At this year’s virtual San Antonio Breast Cancer Symposium (SABCS)—the world’s largest scientific conference dedicated to breast cancer—investigators reported a number of key findings from trials testing immunotherapies and targeted agents for triple-negative breast cancer (TNBC), an aggressive form of the disease.
TNBC is named for what it lacks: the three major receptors (estrogen, progesterone, and HER2) found in other breast cancers. It accounts for 10 to 15 percent of breast cancers, including many driven by BRCA1/2 gene mutations, and it unfortunately lacks many targeted treatments.
Here, we highlight developments from notable TNBC trials.
Testing checkpoint inhibitors with chemotherapy for TNBC
Immunotherapy was a hot topic at this year’s SABCS meeting, as it was at other scientific conferences in 2020, with researchers presenting key findings from several immunotherapy trials in TNBC at both ASCO and ESMO’s annual meetings. Given the promising but limited results of checkpoint inhibitor (anti-PD-1/PD-L1) therapy plus chemotherapy in advanced TNBC, several trials are underway to determine whether adding immunotherapy earlier in the course of disease can improve outcomes without reducing quality of life in patients with early-stage disease.
IMpassion031 is a phase III trial in patients with early-stage TNBC testing the safety and effectiveness of the checkpoint inhibitor atezolizumab used in tandem with standard chemotherapy prior to surgery (called neoadjuvant therapy). Checkpoint inhibitors work by blocking the immune suppression action of the PD-1/PD-L1 pathway, which is shown to be activated in immune cells in the microenvironment of some breast cancers allowing tumors to avoid detection by the immune system.
IMpassion031 builds on the IMpassion130 study, which led to FDA approval of atezolizumab plus nab-paclitaxel for metastatic TNBC (mTNBC). IMpassion031 involved 333 newly diagnosed patients with TNBC who were randomly assigned to receive either atezolizumab plus chemotherapy (nab-paclitaxel, doxorubicin, or cyclophosphamide) or the same chemotherapy agents plus a placebo prior to undergoing breast cancer surgery. Their response to treatment was assessed at the time of surgery. At the 2020 ESMO meeting, researchers reported a 16 percent increase in pathological complete response (no invasive cancer at time of surgery) in patients receiving the checkpoint inhibitor therapy plus chemotherapy compared to those who received the placebo.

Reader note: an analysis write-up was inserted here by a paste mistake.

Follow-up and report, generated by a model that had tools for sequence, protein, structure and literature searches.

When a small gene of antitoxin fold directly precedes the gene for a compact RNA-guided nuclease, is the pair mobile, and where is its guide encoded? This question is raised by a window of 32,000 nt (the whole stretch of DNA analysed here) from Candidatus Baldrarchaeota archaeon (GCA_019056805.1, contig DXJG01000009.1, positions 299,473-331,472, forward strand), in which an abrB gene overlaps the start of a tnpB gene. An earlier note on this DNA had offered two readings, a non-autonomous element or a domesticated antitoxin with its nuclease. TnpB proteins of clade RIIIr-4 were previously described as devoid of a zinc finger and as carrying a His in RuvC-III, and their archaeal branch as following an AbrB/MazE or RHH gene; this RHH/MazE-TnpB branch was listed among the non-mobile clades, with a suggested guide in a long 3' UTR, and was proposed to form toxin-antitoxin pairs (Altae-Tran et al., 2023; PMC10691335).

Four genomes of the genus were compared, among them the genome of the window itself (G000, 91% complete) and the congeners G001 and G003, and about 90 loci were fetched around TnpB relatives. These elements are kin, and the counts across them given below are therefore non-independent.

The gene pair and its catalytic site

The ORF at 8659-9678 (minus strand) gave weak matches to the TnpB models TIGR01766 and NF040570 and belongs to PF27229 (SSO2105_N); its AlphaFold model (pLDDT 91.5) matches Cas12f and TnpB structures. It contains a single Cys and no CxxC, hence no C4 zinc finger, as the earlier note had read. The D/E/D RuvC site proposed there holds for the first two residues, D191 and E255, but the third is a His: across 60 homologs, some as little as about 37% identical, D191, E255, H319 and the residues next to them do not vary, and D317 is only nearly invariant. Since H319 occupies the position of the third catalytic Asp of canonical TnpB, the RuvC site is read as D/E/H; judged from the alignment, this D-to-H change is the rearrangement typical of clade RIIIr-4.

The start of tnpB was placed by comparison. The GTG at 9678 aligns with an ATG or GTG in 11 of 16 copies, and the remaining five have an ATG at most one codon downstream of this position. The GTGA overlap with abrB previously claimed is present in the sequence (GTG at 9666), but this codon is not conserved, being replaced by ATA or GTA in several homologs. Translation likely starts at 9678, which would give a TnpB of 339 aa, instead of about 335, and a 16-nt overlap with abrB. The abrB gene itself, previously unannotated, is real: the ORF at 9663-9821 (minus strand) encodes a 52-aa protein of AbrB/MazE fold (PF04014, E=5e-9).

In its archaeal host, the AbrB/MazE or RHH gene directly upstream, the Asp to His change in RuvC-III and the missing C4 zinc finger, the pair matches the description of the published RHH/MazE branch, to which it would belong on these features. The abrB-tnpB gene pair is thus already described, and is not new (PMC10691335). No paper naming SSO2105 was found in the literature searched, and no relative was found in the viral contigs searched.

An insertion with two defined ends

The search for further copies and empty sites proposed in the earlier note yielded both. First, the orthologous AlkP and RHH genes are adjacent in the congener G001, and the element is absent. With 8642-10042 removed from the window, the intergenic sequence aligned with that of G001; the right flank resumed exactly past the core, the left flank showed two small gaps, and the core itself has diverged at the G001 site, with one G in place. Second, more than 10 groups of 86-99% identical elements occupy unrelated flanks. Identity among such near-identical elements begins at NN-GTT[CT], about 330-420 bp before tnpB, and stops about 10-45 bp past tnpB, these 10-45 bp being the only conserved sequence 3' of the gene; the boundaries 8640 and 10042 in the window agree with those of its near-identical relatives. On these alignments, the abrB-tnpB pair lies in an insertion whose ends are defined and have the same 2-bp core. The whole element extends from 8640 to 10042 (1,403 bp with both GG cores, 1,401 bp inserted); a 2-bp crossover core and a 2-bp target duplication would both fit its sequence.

At SABCS, BCRF investigator Dr. Elizabeth Mittendorf presented results on patient-reported outcomes from the trial, whereby patients assessed the impact of treatment on their ability to perform their normal roles within family or work environments, their physical, emotional, social, and cognitive function, and their overall health-related quality of life. Dr. Mittendorf reported that patients receiving checkpoint inhibitor therapy did not experience additional burden on quality of life and functionality compared to those receiving chemotherapy alone. This is an important finding, since adding any kind of treatment can reduce a patient’s quality of life and functional status, in addition to the fact that many patients with early-stage breast cancer do not experience symptoms from their breast cancer.
Keynote-355 is a randomized, double-blind, phase III study testing the combination of another checkpoint inhibitor called pembrolizumab (pembro) with chemotherapy, versus a placebo plus chemotherapy, in patients with previously untreated, locally recurrent inoperable or metastatic TNBC. Earlier reported results showed a clinically meaningful improvement in progression-free survival (9.7 months vs. 5.6 months) with the addition of pembro compared to placebo in patients whose tumors had high levels of the PD-L1 protein.
At SABCS, BCRF investigator Dr. Hope Rugo presented results from a subgroup analysis looking at the benefit of pembro in each chemotherapy group (nab-paclitaxel, paclitaxel, and gemcitabine/carboplatin). While the study was not designed to make statistical comparisons between the chemotherapy groups, an added benefit of immunotherapy was seen across all chemotherapy regimens, providing additional support for the use of anti-PD-L1 immunotherapy for the treatment of mTNBC.